Adversaries Japan and South Korea want to improve ties!
China may mediate between them!
-Dr. Abdul Ruff
East Asian neighbors South Korea and Japan with strained relationships marked the 50th anniversary of diplomatic ties on June 21 with a push to mend relations strained for years by feuds over the legacy of Japan’s wartime past.
South Korean President Park Geun-hye and Japanese Prime Minister Shinzo Abe have not held bilateral talks since taking office. Sino-Japanese ties, similarly frayed by an island dispute and Japan’s wartime legacy, have however seen a thaw since Abe and Chinese President Xi Jinping held their first summit last year.
The leaders of South Korea and Japan called for their countries to leave behind historical disputes and improve ties, a rare exchange of conciliatory remarks that came as the leaders observed the 50th anniversary of diplomatic relations at embassy events in their capitals.
Ties have been so strained in recent years over issues rooted in Japan’s colonial rule of Korea in the early 20th century that the attendance of the South Korean president, Park Geun-hye, at a reception hosted by the Japanese Embassy in Seoul and that of Prime Minister Shinzo Abe at a corresponding ceremony in Tokyo are being hailed as a rare triumph. Abe even emphasized shared “strategic interests” between the neighboring countries.
The strain in relations is complicating efforts to boost security cooperation between Japan and South Korea, two of the United States’ main Asian allies, as the region copes with an unpredictable North Korea and an assertive China. Relations have worsened under Ms. Park and Abe, who took office within months of each other in early 2013 and late 2012.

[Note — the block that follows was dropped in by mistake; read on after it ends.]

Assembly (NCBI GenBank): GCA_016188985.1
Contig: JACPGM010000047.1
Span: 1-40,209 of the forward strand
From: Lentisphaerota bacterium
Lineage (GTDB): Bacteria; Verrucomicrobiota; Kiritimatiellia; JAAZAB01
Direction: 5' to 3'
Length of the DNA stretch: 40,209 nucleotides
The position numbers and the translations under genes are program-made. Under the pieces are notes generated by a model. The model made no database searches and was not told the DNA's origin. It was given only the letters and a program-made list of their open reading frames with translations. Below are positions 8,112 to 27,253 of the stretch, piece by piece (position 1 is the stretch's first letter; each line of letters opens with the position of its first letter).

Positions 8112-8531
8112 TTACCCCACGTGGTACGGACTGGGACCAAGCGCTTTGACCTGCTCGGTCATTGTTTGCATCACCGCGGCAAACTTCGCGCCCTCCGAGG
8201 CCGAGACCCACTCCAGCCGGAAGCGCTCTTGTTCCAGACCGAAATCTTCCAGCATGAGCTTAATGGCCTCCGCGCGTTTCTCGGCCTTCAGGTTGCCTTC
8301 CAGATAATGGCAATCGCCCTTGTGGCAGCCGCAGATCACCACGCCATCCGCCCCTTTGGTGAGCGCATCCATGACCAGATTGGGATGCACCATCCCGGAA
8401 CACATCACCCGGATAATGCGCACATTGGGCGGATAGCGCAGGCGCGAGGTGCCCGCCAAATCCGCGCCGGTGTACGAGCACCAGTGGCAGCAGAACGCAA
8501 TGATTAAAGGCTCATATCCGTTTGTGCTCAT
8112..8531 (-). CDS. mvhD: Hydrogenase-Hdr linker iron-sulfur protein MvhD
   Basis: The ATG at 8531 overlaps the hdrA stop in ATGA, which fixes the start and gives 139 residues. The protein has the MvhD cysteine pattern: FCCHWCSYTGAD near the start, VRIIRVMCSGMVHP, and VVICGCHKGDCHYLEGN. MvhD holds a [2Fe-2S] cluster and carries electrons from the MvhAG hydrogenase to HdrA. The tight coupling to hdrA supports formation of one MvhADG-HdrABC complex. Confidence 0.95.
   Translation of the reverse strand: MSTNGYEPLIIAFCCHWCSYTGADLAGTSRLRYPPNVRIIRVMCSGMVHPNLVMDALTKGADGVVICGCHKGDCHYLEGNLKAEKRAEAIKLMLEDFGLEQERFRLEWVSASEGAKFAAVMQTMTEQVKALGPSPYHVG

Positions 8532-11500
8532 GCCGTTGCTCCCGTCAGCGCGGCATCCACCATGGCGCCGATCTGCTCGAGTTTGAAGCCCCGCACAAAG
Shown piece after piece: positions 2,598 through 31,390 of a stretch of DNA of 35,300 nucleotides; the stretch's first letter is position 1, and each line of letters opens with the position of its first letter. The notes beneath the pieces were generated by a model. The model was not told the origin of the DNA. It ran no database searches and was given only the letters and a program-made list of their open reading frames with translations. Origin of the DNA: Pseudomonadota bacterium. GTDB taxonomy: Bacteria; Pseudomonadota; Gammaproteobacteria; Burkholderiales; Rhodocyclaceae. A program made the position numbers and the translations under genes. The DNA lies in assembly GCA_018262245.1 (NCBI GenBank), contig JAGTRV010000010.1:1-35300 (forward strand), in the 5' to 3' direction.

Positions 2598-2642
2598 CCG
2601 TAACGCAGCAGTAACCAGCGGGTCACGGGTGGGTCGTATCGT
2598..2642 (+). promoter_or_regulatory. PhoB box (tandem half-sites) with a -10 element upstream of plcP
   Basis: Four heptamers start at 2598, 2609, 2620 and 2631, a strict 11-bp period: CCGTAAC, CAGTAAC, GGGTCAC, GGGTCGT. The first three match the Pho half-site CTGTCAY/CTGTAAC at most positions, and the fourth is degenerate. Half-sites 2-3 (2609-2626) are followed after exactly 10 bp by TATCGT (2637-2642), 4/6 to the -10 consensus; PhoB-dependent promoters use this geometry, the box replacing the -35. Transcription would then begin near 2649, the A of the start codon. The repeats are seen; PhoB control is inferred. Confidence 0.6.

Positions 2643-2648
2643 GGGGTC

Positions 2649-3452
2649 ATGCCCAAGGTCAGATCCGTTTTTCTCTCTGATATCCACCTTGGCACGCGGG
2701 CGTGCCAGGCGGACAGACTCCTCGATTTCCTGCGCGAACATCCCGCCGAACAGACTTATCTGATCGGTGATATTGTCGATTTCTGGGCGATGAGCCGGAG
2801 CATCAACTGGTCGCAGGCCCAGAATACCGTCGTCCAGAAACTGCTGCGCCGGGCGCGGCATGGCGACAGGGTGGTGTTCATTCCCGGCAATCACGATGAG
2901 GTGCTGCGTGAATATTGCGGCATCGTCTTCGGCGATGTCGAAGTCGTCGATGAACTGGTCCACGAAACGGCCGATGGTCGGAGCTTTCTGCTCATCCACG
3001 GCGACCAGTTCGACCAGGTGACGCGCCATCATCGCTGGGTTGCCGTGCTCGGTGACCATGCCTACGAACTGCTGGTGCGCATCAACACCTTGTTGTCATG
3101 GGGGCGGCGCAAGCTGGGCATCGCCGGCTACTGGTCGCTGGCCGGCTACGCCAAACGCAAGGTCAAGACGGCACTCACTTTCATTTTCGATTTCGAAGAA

South Korea remains adamant that Japan has not properly atoned for its wartime past, especially its recruitment of Koreans and other Asians as sex slaves, or so-called comfort women, for its military-run brothels during World War II. Japan has insisted that such matters were settled when a treaty normalizing their ties was signed 50 years ago
Ms. Park has repeatedly called on Japan to take actions that would convince South Koreans that it was truly atoning for the women’s mistreatment. South Koreans have complained that under Japan’s nationalist prime minister, the nation has played down responsibility for the enslavement of the women while revising textbooks to glorify its history of aggression.
For their part, many Japanese have accused South Korea of being unreasonable for repeatedly demanding an apology they feel their country has already offered. Ethnic Koreans in Japan, many of them descendants of forced laborers, have recently become a target of hate speech from right-wing extremists there.
Even as the descendants of Koreans conscripted to the Japanese imperial army or recruited for forced labor under Japanese colonial rule protested outside the Japanese embassy in Seoul, demanding compensation and recognition, Japanese Prime Minister Shinzo Abe attended a reception hosted by the South Korean embassy in Tokyo, while South Korean President Park Geun-hye was to attend a ceremony hosted by the Japanese embassy in Seoul.
As part of the 1965 treaty, Japan provided $800 million in grants and cheap loans that South Korea used in building highways and factories. But the treaty was signed amid widespread protests in South Korea, where memories of brutal colonial rule remained raw and anti-Japanese sentiments still formed part of Koreans’ national identity. Although the two countries have since become significant trading partners, they have continued to bicker over a set of islets held by South Korea but also claimed by Japan, as well as over the issue of the sex slaves.